And driving the 720S Spider is a blast. Stomp on the gas and you feel the car quickly rev to about 4500 rpm and then launch as it hits the sweet spot of the engine’s power. At this point you involuntarily bark out words of excitement, joy, and trepidation as you now know what it feels like to be a fighter pilot. “Holy sh!t,” Top Gun baby. While the engine gives you the ride of your life, the suspension provides a beautiful balance of road feel and smoothness that makes you feel that you are master of the asphalt. New England’s blacktop surface variations are ironed out just enough by the suspension’s Comfort setting that you can really focus on driving. It enters turns beautifully and balanced between front and rear axles even after a short pump on the brakes. The 720S Spider is fun as hell to drive, but easy to drive at the same time. It excites, but not exhausts.
If I were to nitpick the car, I would say that the digital dashboard, which is angled away from the driver, requires an additional lens for those of us who wear bifocals as the control displays are just out of reading range but too close for far-away vision. Who cares? Well, I’m guessing most folks who can afford this car are not in their 20s and likely utilize some vision assistance. But as a counterpoint, forget about the dashboard because this car has cyborg mode straight out of Battlestar Galactica. I’m sure that’s not what they call it, but I’m not one to read the manual. However I’m sure this name is better than whatever they came up with. Hit the cyborg button to the left of the dash and the whole dash pivots on a 90 degree axis to present you with what you really need—speed, tach, and little else. And it’s readable! Cyborg mode is what this car’s all about.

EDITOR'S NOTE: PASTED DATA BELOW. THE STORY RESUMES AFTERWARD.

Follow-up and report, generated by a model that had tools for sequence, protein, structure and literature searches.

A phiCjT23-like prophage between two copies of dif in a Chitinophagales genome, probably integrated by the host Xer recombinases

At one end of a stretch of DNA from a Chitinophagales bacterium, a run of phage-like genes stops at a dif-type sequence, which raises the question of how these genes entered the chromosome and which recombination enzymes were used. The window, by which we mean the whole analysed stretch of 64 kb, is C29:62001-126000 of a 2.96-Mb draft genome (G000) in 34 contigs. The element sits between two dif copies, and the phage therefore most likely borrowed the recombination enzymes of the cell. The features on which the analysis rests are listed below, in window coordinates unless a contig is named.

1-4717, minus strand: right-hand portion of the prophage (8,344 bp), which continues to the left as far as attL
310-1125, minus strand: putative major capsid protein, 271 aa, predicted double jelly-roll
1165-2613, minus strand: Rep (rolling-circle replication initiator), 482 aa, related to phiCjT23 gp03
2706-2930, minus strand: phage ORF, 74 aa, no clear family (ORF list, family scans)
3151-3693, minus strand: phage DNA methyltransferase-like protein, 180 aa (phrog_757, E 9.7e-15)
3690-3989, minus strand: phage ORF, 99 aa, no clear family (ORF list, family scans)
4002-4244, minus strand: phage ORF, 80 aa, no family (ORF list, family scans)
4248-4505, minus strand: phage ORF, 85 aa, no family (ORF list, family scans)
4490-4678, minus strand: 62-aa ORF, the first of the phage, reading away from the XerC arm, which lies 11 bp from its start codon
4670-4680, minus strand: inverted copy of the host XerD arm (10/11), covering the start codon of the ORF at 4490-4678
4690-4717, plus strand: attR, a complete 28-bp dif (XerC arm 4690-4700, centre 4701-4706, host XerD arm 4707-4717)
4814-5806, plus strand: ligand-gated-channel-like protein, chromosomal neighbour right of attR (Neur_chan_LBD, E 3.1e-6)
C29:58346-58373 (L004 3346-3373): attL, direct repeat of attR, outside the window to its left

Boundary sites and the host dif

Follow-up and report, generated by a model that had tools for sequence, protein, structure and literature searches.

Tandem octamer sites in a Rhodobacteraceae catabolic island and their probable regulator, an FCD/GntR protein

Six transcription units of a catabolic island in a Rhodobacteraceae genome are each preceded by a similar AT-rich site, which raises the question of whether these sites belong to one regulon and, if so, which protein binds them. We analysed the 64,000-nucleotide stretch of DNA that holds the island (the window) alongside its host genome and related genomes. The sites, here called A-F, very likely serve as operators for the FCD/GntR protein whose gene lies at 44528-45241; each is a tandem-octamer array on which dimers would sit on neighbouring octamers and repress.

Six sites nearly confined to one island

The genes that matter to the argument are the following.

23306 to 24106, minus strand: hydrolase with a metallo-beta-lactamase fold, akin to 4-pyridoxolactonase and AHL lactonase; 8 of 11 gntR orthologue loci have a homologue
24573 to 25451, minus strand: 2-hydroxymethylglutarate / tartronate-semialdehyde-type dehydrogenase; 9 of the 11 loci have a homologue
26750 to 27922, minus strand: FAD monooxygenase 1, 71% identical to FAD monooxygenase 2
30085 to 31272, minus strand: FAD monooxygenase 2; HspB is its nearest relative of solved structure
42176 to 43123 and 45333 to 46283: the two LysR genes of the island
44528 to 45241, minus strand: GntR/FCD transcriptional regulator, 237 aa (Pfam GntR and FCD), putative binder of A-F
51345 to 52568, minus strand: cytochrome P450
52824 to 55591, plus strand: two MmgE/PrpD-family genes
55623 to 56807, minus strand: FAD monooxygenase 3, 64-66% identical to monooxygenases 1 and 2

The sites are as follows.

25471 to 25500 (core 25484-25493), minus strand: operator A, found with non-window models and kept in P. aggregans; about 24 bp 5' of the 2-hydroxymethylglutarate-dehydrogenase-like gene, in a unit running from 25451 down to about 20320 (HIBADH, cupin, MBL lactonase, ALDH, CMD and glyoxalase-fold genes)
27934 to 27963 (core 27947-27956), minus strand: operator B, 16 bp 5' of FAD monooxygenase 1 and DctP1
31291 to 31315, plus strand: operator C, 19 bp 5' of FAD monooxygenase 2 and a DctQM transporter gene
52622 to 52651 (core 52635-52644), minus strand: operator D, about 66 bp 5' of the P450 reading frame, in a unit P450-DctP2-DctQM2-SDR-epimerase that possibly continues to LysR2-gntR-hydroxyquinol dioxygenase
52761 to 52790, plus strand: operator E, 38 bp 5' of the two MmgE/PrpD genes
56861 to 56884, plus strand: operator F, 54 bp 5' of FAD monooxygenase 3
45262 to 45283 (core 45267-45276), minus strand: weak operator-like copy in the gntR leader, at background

Another nitpick would be that it’s almost a travesty that the 720S Spider has an automatic mode. In fact, the first thing you should do when entering the car is hit the Active button and switch the gearbox to manual. The first time driving the car I couldn’t get the car into manual mode and called my brother in a panic. The car had me in 5th gear at 30 mph and it was about to make me cry. This car wants to be at 4500 rpm, and you’ll want it there too. After all, you’ll still have 3000 rpm to go have fun with. Also, why did they ever make a coupe version of this car? This Spider is everything you want in a car, and McLaren’s carbon fiber tubs give you all the rigidity needed, with nothing but the sky above to boot. Perhaps McLaren’s thing should be to make only Spiders.